Withholding Gifts As Punishment? Don’t Ever Do This

by Tanay Howard
Originally Published: 
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Kids are annoying. I think we’ve got that pretty much figured out.

And a good majority of the time they aren’t intentionally annoying. They just don’t have the proper brain development to behave in the ways which we would like them to. From infancy to adolescence, our children are learning the causse and effects of their actions and behavior. And if we’re being completely honest, most adults these days don’t behave in the ways I would like them to.

But in my short seven years of being a mom, you know what I have come to realize DOES NOT WORK with kids? Withholding gifts as a form of punishment. If anything, it just makes you look like a bigger ass than them. Hear me out on this one.

I get it, I was once that parent. Maybe sometimes I still am that parent. Because I’m not going to lie, Santa threats come in hot once December rolls around. But does withholding gifts as punishment ever REALLY work? Do your kids even believe you when you say you’re going to take their things away? What message are we sending to our kids? Let’s break it down!

A gift or a present is an item given to someone without the expectation of payment or anything in return.

So literally…. by definition, when you gift something to someone (no matter their age) there is no expectation of something in return. Say it with me parents — this includes good behavior!

Let me paint a picture for you. I had my first serious boyfriend at 16. It was a horrible relationship; he was a narcissist and he would frequently use his “gifts” to manipulate me into doing things he wanted me to do. Whenever he was angry or upset with me he would ask for “his” stuff back. There were multiple occasions that he pawned the things he bought for me or gave them to someone else. Sometimes he’d just give them back when he was in a good mood. Eventually it just became a cycle. If I wasn’t “behaving” he’d take them away, and when he wasn’t upset he’d give things back. 15 years later I still have trouble accepting gifts from people because of the way he used them as a form of manipulation.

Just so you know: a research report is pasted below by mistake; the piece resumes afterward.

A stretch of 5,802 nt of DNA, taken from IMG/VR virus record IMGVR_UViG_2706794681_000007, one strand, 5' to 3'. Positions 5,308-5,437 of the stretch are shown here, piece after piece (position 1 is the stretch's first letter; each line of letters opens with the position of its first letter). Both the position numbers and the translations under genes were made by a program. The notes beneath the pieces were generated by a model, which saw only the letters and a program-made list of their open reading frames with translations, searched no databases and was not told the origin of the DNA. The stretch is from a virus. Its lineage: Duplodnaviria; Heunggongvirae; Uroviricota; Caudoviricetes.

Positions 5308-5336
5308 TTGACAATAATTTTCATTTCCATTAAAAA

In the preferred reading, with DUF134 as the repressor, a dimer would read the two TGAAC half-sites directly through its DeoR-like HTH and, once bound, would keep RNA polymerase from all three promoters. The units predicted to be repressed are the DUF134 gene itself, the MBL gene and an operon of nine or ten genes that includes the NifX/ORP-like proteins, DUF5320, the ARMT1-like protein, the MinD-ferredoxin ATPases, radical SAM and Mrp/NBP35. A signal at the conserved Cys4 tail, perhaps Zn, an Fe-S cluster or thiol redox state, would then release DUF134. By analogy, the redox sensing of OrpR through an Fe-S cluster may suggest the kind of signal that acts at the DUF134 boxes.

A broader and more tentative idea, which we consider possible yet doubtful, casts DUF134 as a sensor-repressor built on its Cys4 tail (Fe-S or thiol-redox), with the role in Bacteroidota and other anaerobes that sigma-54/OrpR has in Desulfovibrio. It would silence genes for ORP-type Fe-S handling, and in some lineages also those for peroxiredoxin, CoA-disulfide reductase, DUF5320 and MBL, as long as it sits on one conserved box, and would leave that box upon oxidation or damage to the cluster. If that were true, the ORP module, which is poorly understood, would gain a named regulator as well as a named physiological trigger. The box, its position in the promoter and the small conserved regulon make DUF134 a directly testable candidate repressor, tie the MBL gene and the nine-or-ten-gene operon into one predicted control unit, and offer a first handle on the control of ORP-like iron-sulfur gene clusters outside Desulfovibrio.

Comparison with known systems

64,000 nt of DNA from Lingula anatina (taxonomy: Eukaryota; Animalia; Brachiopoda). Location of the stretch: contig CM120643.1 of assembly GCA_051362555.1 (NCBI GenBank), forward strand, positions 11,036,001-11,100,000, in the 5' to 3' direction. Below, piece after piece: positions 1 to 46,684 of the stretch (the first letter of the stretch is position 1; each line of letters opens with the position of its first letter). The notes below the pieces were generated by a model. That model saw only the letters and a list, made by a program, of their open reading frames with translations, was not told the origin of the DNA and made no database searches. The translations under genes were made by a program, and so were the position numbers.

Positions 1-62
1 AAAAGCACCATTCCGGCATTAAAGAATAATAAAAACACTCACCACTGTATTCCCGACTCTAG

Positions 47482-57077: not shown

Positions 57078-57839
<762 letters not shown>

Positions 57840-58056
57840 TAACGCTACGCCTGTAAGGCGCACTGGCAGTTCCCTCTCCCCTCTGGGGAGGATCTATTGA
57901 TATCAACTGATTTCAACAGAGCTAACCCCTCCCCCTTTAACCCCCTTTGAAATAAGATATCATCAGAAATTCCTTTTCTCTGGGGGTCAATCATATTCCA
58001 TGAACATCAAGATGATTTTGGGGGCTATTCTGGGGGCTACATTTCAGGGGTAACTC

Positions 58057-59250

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Are we understanding now how unhealthy this is?

I think we all can agree that those are clear indications of a toxic relationship. So why would we model a parent/child relationship in the same fashion?

Gifts are supposed to be given as an act of kindness without expectation. Do our children only deserve our kindness when they “behave?”

Do we want to go down the slippery slope of what “good behavior” is anyway? Because there is a thin line. The majority of the things kids do are not because they are trying to intentionally get on our damn nerves, they’re learning. Most child behavior is developmental. And kids pick up on EVERYTHING. Our job as their parents are to instill the correct lessons in them, and I for one don’t want to be the mom raising assholes like my ex boyfriend. There are better ways, people, better ways!

So what do we as parents do in lieu of threatening to cancel birthdays/holidays?

Provide your children with clear and consistent rules they can follow.

Remember to explain the rules to them in age appropriate terms that they are able to understand.

Allow your children to experience natural consequences.

If you break your toys, you don’t have any to play with. If you lie, you lose your parents’ trust. Natural consequence are effective in helping them see the results of their own actions. As long as the behavior isn’t harmful, this can be a good way for them to learn by themselves.

Encourage your child to tell you how they feel.

I grew up in the age of “children are to be seen, not heard”. That honestly boggles my brain to this day. Kids act out as a form of expression. Simply talking to your children and allowing them to openly express how they feel without fear of backlash goes a LONG way.

We’re all figuring this parenting thing out. We all want to raise healthy, loving and positive contributors to society. Let’s model the love and kindness we hope that they one day give to someone else.

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